ANCIENT TRADERS CROSSED continents and fought wars for access to culinary and medicinal spices.
These same aromatic seeds, fruits, roots and bark can transform our backyard veggies and meats into culinary adventures.
Americans have eagerly adopted the ethnic cuisines from around the world.
Unfortunately, our enjoyment of these ethnic flavors is often limited to fast food restaurants and the flavor packets found in the grocery aisles.
Ask my kids and they will tell you that I have a thing about flavor packets.
I grew up on them … bouillon cubes, soup packets and gravy mix.
It was the 1970s and convenience was queen in the modern kitchen.
We were encouraged to eat like astronauts — just open a package and lay out the silverware.
Somewhere in between fast food and crossing a continent on the Silk Road in search of cinnamon, learning to use a handful of spices in your culinary creations will enhance your health as well as your pleasure.
In order to make the most of your spice collection, here are a few tips:
• Store spices in a cool dark place in airtight containers. Otherwise, spices will lose their aroma, flavor and medicinal characteristics over time.
• Buy whole spices and grind them yourself if possible. Use a mortar and pestle or a small coffee grinder to make powdered spice mixes. You will be amazed by the flavor differences.
• Grow your own herbs if you have a patch of dirt near your kitchen or a pot on your patio: rosemary, thyme, sage, oregano, parsley and cilantro are easy to grow in this climate … snipping a few sprigs as you are preparing a dish is the most cost-effective, convenient and high-quality source.
• Once you find a spice mixture you like, make enough to last for a few months. It will save you time when dinner needs to be quick.
• Develop your sense of smell. Learning to recognize the aroma of each herb and spice will help you improvise.
• Buying herbs and spices in bulk is cost-effective and allows you to purchase just the quantity you want. Be sure to use your nose and make sure the spices are fresh when you buy them.
• The active components of many herbs and spices are fat soluble. Frying the spices in oil or making a paste with powdered spices for rubs will help to intensify and brighten the flavor and aroma of the dish.
Here are spice blends that I use frequently.
Feel free to adjust the amount of hot chile pepper according to your heat tolerance.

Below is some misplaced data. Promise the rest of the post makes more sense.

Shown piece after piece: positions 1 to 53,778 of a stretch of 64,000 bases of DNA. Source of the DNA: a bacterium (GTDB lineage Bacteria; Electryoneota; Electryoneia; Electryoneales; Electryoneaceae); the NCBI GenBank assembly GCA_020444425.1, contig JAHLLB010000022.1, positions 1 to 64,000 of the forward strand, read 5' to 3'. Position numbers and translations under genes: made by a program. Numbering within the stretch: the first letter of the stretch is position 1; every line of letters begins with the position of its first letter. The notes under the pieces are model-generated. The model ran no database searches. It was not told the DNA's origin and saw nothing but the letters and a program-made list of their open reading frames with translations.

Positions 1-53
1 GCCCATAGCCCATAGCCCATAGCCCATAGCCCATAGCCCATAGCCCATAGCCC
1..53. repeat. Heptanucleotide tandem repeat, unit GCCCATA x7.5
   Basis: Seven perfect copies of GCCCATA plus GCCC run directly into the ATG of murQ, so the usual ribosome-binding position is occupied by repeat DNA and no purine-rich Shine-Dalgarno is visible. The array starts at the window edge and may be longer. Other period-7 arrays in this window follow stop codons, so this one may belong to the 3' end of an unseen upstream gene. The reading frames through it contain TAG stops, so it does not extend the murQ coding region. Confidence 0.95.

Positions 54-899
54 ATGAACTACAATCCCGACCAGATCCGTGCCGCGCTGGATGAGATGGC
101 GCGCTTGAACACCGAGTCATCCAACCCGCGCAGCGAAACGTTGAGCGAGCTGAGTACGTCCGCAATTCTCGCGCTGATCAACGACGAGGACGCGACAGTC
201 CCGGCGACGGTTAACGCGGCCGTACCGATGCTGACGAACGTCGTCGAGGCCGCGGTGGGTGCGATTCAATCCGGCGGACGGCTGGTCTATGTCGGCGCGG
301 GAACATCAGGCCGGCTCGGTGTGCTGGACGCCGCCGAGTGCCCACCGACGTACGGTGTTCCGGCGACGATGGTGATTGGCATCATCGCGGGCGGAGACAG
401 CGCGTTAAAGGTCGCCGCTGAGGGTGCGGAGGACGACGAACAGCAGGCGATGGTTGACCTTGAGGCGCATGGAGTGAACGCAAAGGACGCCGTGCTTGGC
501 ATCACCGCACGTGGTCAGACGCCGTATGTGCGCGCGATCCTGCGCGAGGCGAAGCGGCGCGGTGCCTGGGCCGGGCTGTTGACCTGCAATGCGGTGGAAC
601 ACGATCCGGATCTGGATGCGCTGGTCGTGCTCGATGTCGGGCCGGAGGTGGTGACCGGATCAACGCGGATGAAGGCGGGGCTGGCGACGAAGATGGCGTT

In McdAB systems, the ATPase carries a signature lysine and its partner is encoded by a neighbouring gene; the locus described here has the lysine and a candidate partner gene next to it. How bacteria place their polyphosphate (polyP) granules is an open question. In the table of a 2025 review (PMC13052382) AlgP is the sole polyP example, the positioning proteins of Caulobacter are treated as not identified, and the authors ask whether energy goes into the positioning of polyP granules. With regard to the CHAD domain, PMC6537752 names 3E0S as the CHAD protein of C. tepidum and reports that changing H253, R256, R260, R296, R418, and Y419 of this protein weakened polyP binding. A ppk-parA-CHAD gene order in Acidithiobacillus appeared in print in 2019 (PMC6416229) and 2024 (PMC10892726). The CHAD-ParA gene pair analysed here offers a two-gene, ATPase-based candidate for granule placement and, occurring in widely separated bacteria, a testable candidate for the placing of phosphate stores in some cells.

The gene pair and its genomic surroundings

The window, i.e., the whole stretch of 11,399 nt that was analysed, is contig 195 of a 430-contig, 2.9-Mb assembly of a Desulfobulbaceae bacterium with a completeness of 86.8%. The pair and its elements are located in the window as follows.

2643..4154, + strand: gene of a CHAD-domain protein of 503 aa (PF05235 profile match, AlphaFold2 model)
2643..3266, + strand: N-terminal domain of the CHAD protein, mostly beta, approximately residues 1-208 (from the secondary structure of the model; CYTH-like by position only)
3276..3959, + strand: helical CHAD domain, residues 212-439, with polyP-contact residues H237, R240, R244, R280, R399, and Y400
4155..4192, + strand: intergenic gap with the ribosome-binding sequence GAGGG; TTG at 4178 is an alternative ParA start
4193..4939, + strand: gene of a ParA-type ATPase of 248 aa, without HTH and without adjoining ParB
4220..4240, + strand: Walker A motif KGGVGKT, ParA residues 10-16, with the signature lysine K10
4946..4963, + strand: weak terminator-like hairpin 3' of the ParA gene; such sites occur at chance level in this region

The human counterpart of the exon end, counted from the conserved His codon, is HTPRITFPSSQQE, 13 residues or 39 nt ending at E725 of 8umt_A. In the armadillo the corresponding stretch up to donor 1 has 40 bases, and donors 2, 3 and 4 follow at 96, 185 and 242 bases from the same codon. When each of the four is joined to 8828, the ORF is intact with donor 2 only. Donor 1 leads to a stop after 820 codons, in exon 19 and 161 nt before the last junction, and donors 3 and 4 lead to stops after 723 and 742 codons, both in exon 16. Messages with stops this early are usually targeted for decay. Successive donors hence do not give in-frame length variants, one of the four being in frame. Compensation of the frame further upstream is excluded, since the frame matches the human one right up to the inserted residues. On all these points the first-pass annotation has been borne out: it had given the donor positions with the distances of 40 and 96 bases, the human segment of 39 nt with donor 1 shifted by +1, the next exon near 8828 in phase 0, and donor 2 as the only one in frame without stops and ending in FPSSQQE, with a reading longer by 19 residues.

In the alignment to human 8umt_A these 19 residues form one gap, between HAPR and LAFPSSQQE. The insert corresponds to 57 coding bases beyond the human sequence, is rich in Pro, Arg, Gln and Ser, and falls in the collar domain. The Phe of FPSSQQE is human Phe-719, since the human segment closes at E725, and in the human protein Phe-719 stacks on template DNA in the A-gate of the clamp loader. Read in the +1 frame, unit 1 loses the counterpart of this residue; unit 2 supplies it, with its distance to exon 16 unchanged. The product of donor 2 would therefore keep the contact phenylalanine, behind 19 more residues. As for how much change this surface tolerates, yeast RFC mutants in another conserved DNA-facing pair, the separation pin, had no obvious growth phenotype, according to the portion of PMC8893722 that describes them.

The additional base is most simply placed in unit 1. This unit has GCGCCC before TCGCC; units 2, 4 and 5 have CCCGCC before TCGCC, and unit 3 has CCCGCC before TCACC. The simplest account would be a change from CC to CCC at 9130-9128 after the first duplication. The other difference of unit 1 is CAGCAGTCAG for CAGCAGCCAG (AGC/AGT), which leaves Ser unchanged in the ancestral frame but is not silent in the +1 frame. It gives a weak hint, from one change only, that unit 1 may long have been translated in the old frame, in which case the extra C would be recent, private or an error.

I originally found this blend in “The Spice and Herb Bible” by Ian and Kate Hemphill.
In honor of the beautiful cauliflower coming off the fields at Nash’s right now, here is a recipe for making a roasted cauliflower side dish.
Preheat an oven to 350 degrees. Wash and cut one medium head of cauliflower into 2-inch florets.
Toss the cauliflower with 1 tablespoon vegetable oil and 1 tablespoon of the Moroccan Spice blend and ½ teaspoon salt.
Spread the cauliflower onto a baking sheet and roast for approximately 20 to 30 minutes, turning once or twice to make sure the pieces cook evenly.
Remove from the oven. Serve hot or cold.
Traditionally this is served with warm pita and other side dishes such as hummus, tzatziki (yogurt sauce) and lamb.
Moroccan Spice from ‘The Spice and Herb Bible’ by Ian and Kate Hemphill
8 teaspoons ground cumin
6 teaspoons paprika
3 teaspoons dried minced onion flake
2 teaspoons ground coriander
1½ teaspoons turmeric
1 teaspoon cayenne pepper (or substitute paprika if you don’t want the heat)
¾ teaspoon garlic powder
½ teaspoon fresh ground pepper
½ teaspoon ground allspice
Mexican Chili Powder from ‘The Spice and Herb Bible’ by Ian and Kate Hemphill
2 tablepoons mild medium or hot ground red chile
½ teaspoon garlic powder
½ teaspoon onion powder
½ teaspoon red pepper flakes
1 teaspoon dried crushed oregano
2 teaspoons paprika
1 tablespoon cumin
1 teaspoon salt
1 teaspoon black pepper
Use either one of these spice blends as a rub for veggies or meat. Or mix with ground beef or lamb (1 tablespoon for 1 pound of meat) to make patties or seasoned ground meat for tacos or pita sandwiches.
Betsy Wharton is the proprietor of the Clallam Canning Co., a local purveyor of artisan pickles and other farm to jar goods. You can find her and her products at the Sprouting Hope Greenhouse at 826 E. First St. in Port Angeles. Or contact her at betsy@clallam canningcompany.com.